Fed Cup 2017

Fed Cup 2017: Johanna Konta rises above Nastase and controversy to level tie with Romania

Johanna Konta recovered from leaving the court in tears and a suspension in play to beat Sorana Cirstea for Britain in their Fed Cup clash with Romania

johanna konta
Johanna Konta was in action for GB in Romania Photo: BBC Sport

With so much at stake for both nations—a place among the elite 16 in tennis’s Fed Cup—and with two of the sport’s top players—Great Britain’s Johanna Konta and Romania’s Simona Halep—at the centre of the action, it is unfortunate that this opening day in Constanta will be remembered for very different reasons.

Ilie Nastase, former world No1, a two-time Grand Slam champion, and one of the most memorable players of the 1970s, has been Romania’s Fed Cup captain since last October, but based on his behaviour both before and during the World Group 2 Play-off this weekend in Romania, he will not hold the position for very much longer.

The ITF had already announced an investigation into comments he made during a pre-tie press conference about Serena Williams, and he went on to embarrass GB captain Anne Keothavong by twice asking for her room number, and blackened his copybook further by then confronting the Press Association journalist who reported his words in another press conference.

So much, so bad. But things were about to get nastier still. During the second match between British No1 Konta and Romania’s Sorana Cirstea, ranked 62, Nastase is reported to have made highly abusive comments to the umpire, Keothavong, and Konta after his player lost the first set.

Amid raucous scenes, and long discussions between the umpire and other officials, Nastase was escorted from the court and his place taken by Romanian player Monica Niculescu.

And the problems did not end there: Konta, serving at 2-1, was then subjected to abuse from the crowd, had her serve broken, and turned to her captain in tears for support. The British team left the court and the match was suspended for more than 20 minutes, while the admirable Halep took charge of the Romania crowd by appealling for good behaviour: “Respect the players and speak nice.”

That Konta came back to court, 3-1 down, and reeled off five straight games to level the tie, 6-3, was a huge credit to both the Briton’s tennis and her mental resolve. One should not, of course, also underestimate the emotional impact of the afternoon’s drama on Cirstea, and the ITF subsequently announced that Nastase has had his accreditation removed for the remainder of the tie.

For now, the Play-off that will determine which nation advances in 2018 is poised, as expected, at one win apiece.

GB’s No2, Heather Watson, has recently slipped outside the top 100 after a tough start to 2017. Even though her fighting spirit always rises to the challenge of Fed Cup, she had a mountain to climb against Halep when the two women took to the dry but very cool clay in Constanta. Halep had won all three of their WTA contests as well as their only Fed Cup meeting—and with the crowd behind her, Halep soon asserted herself on the clay.

A quick exchange of breaks was followed by some close games as Watson held her own to 4-4, but then Halep went on the offensive, broke to love, and held for the set, 6-4.

From there, the Romanian raced away, full of confidence and running as she drew increasing numbers of errors from Watson. The Briton would make just three winners for 12 unforced errors in the set, was broken to love twice, and suffered one last break to concede the match, 6-1, in just 68 minutes.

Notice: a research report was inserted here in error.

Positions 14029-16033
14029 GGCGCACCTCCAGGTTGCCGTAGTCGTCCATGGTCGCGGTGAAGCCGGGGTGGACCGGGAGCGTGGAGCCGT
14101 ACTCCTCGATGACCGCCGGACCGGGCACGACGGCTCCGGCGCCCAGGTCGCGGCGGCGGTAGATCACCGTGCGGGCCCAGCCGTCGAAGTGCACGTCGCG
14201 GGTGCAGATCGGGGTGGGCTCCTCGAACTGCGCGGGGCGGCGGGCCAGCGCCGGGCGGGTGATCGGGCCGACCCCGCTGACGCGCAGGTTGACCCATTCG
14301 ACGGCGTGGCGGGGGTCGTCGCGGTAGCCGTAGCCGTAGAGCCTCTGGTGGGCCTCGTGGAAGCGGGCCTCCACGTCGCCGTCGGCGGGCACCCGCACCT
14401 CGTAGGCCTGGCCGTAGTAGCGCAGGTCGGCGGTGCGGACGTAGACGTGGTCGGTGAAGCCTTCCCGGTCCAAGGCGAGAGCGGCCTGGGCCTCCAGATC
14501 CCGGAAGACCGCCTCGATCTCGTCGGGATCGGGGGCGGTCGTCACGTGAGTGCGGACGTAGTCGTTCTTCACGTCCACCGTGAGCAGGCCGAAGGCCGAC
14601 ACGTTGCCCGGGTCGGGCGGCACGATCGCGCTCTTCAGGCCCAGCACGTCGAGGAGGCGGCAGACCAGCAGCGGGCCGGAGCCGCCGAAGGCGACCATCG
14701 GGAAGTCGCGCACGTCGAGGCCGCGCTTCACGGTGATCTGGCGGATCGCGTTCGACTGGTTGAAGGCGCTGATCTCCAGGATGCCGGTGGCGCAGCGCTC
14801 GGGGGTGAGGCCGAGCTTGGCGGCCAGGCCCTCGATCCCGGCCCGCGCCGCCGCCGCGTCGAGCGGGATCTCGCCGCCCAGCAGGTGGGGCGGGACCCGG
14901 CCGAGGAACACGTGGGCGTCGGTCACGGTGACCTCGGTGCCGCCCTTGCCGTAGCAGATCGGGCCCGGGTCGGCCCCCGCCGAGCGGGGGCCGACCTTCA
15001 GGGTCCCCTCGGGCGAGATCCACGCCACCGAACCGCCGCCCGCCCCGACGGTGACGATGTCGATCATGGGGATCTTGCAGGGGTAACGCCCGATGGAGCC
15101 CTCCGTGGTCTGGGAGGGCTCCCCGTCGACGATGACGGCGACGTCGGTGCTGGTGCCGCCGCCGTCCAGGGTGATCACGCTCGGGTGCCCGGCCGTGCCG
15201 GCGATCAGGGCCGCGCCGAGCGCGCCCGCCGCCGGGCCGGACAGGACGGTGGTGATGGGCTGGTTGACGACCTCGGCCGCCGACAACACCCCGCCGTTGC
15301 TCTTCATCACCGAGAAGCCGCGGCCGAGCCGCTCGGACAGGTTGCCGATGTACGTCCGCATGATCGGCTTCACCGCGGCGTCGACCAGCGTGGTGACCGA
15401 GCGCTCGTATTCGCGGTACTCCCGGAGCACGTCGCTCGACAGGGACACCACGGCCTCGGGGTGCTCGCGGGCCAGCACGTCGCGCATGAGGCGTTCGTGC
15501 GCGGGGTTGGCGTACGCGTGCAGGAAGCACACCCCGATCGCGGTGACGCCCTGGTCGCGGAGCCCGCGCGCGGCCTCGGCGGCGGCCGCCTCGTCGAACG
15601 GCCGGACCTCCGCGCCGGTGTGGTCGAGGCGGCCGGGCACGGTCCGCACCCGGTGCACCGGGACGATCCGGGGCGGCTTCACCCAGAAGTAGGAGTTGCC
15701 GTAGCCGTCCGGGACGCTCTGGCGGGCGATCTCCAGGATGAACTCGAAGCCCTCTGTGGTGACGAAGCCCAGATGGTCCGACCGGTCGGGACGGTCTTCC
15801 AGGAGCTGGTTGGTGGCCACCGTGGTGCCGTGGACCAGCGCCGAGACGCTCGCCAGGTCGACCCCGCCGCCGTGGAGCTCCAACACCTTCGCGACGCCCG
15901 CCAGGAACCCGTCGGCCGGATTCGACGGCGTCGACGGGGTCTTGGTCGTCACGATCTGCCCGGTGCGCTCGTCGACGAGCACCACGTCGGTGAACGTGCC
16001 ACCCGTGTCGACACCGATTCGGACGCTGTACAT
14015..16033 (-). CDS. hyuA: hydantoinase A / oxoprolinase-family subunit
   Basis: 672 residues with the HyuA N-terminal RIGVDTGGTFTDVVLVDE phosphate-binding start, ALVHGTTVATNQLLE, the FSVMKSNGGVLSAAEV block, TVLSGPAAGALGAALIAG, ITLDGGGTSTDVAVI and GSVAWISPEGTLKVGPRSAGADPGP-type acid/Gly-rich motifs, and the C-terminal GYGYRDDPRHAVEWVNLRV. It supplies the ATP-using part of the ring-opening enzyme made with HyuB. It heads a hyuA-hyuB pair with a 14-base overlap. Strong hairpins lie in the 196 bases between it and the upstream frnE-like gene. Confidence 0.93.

For Konta, Cirstea was a distinctly unknown quantity substituted in at the last minute in place of Irina-Camelia Begu. This was their first meeting, and although the Romanian, like Watson, also had little to show for her season so far, much would depend on Konta finding her range in conditions that did little to enhance her power baseline game.

The Briton, though, opened strongly in the windy conditions with a love hold and broke in the third game.

Cirstea then proved a tough nut to crack in the middle stages of the set, and Konta had to face down three break points to keep the scoreboard on her side, 4-2. The challenge sharpened the Briton’s game, she broke again, and thumped a big serve to hold, 6-2, after 35 minutes.

Then events took that expected turn and Konta looked vulnerable against an aggressive Cirstea buoyed up by the intimidating crowd. That the Briton returned so soon with such equilibrium bodes well for what lies ahead—what is likely to be the key match of the weekend.

If the two main-tour meetings of Konta and Halep are anything to go by, their Sunday showdown should be a thriller. Halep was one of Konta’s victims on the way to her biggest title in Miami last month, though the Briton had to come back from set down and edge a second set tie-break before sealing the match after two and a half hours.

Konta’s other win came in her break-out season of 2015. Having made it to the fourth round at the US Open via qualifying, beating No9 Garbine Muguruza and No18 Andrea Petkovic along the way, she did the same in Wuhan, beating Halep 7-5 in the third set.

However, before Konta’s rise to the top, she did meet Halep in the group stages of the Fed Cup, back in 2014, and that was a comfortable win for the Romanian. What’s more, Halep had the advantage of an adoring home crowd plus the clay—and she is a former French Open finalist and the reigning Madrid champion.

How off-court events will affect things, it remains to be seen. The ITF concluded:

“Mr Nastase was asked to leave the court by the ITF referee for unsportsmanlike conduct, having already received two official warnings. Mr Nastase was also removed from the grounds due to serious misconduct….and will play no further part in the tie.”

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